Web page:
So I’ve been going nuts with the quilt squares! I thought I would go along and make 2 a week, like the quilt along says. They are pretty tedious to cut out, let alone sew (and unpick!) But I’ve been having so much fun making them I’m already past 20. Which is great. At this speed I’ll be done faster than I thought. But I know at one point you lose steam too, so no holding your breath!
I won’t put pics of all of them right now – there’s only so many you can take!! I’m not one to use one fabric designer, or one collection. I use pretty cacophonous combinations sometimes, but I think all together it’s going to be OK. Man I hope so. So far I’ve repeated myself twice – ha. Now I’m marking the book so I remember. I’ve done most of the ‘easiest’ blocks. By easy I mean less pieces per block (each block is just over 6 inches total). Next weekend it’s time to tackle some mean ones. Also for those quilters out there – I am not including the basket blocks (there are 2) with applique handles. I want it more geometric and find the curves stand out too much. So my repeated ones might just be fine!
I have always crafted as much as I’ve arted. Initially I was going to question the difference between the two, but after discussing it at length with Ange, I realised it’s pointless. He says even having a conversation about the difference between them is twee and for the over-educated, because the two are equally creative. But if you are interested I just read the book “The culture of craft” by Peter Dormer, who really delves into the cross-overs and historical differences between craft, design, art and technology very thoroughly.
The reason I’ve been thinking about this is because I often feel as though my craft is not as ‘valid’ as my artwork. Which is ridiculous. Craft and art are both wonderful and I’m learning to feel as accomplished when I finish a new quilt as when I have an exhibition opening. So with that, let me tell you about my new project!
It’s called The farmers’ wife quilt, which I initially found out about because of many hundreds of quilters doing a quilt-along, but specifically from this wonderful blog. I am over a year late, but have joined along with other latecomers and decided to attempt it over winter. It was started by Amanda and Angela who are now finished/close to finishing, but I find their completed quilt blocks good motivation, if you buy the book you can join too! I can see much frustration in my future, but I’m going to embrace it whole-heartedly. I feel equal parts enjoyment and anger at sewing. We’ll see which emotion wins.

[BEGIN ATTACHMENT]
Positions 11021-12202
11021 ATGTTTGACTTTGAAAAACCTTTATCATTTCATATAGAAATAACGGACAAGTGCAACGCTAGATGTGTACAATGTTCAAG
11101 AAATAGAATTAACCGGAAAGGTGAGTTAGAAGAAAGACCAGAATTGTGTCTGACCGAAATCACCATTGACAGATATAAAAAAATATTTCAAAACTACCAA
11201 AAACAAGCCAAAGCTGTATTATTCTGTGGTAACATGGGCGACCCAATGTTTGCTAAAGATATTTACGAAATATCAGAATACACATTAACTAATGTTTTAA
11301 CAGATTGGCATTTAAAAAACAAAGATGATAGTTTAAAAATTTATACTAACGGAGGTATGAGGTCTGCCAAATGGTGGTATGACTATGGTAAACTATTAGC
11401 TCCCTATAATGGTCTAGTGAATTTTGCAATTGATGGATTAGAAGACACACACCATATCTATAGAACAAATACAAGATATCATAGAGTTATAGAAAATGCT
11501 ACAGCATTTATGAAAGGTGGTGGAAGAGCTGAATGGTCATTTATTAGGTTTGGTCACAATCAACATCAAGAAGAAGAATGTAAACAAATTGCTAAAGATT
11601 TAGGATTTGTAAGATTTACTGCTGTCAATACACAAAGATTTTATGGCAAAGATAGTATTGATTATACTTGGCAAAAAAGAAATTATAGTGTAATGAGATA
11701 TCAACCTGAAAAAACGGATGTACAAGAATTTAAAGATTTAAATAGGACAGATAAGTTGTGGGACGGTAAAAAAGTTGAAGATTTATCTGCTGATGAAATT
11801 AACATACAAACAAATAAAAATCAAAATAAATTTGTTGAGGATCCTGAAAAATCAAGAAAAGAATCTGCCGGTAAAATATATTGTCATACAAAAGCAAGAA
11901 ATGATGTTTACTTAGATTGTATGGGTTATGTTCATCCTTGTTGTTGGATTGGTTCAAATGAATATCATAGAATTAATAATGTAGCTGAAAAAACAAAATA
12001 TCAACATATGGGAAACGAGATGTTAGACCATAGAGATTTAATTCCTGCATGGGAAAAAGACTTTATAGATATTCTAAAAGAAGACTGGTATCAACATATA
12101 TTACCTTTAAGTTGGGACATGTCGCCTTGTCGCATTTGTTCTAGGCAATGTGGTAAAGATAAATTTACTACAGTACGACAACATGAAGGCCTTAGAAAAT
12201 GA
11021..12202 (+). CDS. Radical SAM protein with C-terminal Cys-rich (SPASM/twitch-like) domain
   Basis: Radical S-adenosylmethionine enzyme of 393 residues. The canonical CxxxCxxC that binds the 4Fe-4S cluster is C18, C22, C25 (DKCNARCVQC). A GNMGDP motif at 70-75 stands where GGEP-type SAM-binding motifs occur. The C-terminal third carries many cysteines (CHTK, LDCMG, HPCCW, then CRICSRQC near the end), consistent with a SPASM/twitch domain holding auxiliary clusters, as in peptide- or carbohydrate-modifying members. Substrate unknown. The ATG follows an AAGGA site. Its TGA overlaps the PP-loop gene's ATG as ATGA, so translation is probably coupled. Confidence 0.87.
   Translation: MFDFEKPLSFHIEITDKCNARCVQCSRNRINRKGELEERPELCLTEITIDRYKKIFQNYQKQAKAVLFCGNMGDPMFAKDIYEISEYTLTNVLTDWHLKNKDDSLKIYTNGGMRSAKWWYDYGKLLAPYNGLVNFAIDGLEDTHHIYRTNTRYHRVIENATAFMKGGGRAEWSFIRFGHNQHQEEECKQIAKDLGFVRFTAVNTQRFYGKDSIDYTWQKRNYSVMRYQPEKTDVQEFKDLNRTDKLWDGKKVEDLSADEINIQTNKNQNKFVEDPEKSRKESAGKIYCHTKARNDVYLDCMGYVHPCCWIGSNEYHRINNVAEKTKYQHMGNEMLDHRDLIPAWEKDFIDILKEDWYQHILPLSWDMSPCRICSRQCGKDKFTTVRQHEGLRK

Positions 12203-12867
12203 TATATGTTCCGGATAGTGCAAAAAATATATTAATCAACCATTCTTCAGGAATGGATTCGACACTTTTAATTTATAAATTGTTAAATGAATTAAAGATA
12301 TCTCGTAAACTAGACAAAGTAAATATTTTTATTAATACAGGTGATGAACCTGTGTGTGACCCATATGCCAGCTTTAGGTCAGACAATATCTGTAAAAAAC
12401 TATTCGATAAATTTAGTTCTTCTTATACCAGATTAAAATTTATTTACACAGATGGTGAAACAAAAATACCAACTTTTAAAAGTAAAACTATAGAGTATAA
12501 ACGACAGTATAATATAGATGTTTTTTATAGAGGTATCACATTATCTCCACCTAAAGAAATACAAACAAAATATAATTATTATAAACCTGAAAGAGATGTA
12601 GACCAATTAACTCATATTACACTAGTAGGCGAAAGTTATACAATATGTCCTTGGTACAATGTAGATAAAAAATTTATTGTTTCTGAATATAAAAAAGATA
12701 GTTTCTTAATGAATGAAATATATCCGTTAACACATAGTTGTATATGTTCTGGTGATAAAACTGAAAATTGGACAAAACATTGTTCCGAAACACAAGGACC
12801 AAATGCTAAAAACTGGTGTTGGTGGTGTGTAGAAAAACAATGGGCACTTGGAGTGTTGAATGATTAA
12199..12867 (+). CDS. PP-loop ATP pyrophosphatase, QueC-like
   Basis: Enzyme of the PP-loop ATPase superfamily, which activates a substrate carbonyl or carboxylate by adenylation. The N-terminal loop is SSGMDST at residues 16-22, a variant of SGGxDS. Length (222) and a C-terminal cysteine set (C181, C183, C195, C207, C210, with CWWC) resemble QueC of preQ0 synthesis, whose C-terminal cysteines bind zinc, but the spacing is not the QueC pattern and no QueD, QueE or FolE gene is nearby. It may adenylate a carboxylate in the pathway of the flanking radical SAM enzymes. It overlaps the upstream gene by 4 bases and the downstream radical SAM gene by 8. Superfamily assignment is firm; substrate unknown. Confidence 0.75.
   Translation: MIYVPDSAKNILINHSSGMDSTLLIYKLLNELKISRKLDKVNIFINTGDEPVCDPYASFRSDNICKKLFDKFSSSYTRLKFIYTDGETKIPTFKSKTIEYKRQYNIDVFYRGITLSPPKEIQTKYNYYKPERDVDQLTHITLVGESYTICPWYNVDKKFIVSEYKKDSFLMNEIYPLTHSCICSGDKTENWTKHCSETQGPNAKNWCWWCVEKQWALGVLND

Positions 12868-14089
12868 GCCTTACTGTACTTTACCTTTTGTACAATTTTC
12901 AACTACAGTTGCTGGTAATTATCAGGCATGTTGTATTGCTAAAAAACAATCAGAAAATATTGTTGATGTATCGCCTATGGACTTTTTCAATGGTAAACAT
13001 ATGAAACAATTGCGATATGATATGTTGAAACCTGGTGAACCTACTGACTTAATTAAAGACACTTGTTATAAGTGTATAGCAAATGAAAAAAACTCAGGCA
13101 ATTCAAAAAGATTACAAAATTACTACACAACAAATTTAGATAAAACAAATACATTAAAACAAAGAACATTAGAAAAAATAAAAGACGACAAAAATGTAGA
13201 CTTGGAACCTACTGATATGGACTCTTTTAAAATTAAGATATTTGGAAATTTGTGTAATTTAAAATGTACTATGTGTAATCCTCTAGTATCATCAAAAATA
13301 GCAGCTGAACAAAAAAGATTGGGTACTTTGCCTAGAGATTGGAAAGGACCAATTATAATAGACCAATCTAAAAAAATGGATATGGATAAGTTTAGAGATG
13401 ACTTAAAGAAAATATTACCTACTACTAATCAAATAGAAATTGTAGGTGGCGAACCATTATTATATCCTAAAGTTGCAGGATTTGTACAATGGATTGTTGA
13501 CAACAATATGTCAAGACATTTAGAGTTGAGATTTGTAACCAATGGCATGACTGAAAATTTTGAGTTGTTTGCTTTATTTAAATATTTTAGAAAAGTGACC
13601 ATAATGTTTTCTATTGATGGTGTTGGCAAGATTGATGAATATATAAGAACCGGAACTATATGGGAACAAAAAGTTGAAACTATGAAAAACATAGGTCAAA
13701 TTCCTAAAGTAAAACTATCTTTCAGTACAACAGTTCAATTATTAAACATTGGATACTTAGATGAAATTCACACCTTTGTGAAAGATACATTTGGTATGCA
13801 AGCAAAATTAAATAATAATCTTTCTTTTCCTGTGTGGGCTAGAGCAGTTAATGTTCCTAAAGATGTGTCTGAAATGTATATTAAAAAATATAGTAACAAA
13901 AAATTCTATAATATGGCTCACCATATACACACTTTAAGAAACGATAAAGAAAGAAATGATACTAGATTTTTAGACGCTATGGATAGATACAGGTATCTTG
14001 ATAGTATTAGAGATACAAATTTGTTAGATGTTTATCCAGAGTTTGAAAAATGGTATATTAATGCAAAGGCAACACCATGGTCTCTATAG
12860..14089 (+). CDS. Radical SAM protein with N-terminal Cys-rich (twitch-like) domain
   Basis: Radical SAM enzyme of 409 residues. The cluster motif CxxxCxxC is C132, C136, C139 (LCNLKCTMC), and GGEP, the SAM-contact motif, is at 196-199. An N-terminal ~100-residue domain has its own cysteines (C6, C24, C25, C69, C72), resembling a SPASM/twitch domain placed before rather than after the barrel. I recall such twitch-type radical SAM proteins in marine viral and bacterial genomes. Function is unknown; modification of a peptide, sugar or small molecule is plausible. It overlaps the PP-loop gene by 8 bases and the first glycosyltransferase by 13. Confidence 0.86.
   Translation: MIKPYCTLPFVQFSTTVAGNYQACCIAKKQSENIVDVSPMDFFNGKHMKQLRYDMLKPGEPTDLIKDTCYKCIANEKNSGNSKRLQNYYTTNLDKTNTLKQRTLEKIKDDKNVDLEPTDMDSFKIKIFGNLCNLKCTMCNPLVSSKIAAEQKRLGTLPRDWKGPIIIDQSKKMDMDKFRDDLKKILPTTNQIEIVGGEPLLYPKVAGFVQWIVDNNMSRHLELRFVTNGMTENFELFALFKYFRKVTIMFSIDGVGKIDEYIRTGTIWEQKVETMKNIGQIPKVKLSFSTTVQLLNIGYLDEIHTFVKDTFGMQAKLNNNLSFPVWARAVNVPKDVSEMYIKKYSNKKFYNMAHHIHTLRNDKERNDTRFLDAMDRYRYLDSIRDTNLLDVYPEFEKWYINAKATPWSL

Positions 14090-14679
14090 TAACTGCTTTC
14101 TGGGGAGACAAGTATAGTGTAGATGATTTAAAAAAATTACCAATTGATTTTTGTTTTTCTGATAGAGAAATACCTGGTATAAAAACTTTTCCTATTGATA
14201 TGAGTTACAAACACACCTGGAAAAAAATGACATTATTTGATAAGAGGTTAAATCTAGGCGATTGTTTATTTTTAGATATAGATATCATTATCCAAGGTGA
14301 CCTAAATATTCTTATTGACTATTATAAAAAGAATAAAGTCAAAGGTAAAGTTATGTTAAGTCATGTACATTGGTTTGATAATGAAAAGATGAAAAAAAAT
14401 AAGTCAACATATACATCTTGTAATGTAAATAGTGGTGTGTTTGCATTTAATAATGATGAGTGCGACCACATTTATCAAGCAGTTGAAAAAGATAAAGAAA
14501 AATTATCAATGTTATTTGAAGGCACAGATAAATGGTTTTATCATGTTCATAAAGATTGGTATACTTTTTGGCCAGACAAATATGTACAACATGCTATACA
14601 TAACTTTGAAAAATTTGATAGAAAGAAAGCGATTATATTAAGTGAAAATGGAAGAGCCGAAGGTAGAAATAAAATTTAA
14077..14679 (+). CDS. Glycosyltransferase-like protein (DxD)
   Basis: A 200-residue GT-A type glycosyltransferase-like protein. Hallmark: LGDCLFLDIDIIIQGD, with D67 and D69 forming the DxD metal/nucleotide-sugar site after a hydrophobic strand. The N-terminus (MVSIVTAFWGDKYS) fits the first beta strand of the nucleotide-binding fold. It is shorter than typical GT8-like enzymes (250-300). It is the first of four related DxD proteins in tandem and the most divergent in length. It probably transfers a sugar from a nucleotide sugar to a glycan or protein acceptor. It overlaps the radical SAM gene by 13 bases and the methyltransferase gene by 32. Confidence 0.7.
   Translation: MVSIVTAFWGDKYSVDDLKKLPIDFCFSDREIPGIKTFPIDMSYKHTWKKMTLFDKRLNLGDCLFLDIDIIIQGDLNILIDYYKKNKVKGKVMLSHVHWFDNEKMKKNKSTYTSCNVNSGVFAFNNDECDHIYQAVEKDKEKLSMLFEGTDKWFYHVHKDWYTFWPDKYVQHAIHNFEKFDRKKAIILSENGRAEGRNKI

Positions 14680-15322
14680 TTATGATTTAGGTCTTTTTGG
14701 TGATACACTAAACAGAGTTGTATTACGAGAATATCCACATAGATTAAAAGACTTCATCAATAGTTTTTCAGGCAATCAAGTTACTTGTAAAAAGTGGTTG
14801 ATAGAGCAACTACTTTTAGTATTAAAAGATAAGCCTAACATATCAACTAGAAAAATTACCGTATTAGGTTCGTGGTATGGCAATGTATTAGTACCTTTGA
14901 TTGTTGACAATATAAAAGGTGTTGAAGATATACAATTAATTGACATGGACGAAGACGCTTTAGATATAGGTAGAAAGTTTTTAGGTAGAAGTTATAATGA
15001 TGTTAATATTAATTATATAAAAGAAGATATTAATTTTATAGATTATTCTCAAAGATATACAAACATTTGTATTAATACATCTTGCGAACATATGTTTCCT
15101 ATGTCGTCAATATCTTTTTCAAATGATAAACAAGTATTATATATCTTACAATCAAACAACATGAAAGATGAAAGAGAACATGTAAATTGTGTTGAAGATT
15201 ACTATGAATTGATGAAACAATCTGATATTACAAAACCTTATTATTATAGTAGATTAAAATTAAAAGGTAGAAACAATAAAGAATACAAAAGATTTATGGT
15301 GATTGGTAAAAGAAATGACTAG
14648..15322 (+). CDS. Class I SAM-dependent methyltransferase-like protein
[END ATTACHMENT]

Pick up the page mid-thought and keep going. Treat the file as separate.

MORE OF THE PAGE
The farmers’ wife quilt is a compilation or ‘sampler’ quilt made up of over 100 different quilt blocks. It comes from a lovely book compiled by Laurie Aaron Hird and is a remarkable collection of letters from farmers wives from the United States in the early 1920′s. A popular magazine at the time – The farmers wife, held a country wide competition asking women to write in and tell people whether or not – in all honesty, knowing what they did about the life – they would want their daughters to marry a farmer.
Over 7000 farmers’ wives wrote back, and a resounding 94% were for their daughters doing the same. Their letters are beautifully written and their answers are so dear and heartfelt, I really enjoyed reading them. Then I set about cutting out the roughly 110 tiny templates…
With Mitch’s help.
Had a mini panic thinking that I’d printed them all too small and spent the entire weekend cutting out tiny pieces of useless paper. But some careful measuring and I was OK. Although a later thought was that I should have printed the templates out bigger.
I also took the time to colour code each of the lots of 15 that I divided them up into. That way I can grab the template I need and know it’s #1 of the lot if it’s red and #12 if it’s blue etc. Plus I always work better when I arrange things into colour.
Any quilter knows the best part about a new quilt is choosing fabrics. It could literally take days or weeks or months. A color theme? Certain patterns? All one fabric designer? Scraps? Seeing as my stash is divided over a few of continents, I went for scraps. That way I can use whatever I can find, although I did spend the better part of a Sunday in one Montreal fabric store. My stash in Canada is partly provided by lovely Mere, who in fact, I couldn’t sew without, it’s also her machine!
And as I am known to do – I chose all colours! I decided to go for lights, pastel and greys, but we’ll see. A quilt with over 100 blocks will definitely evolve.
So that’s it for today. This week I am going to start cutting fabric (I know, the excitement) and begin sewing. Wish me luck (because I’m going to need it).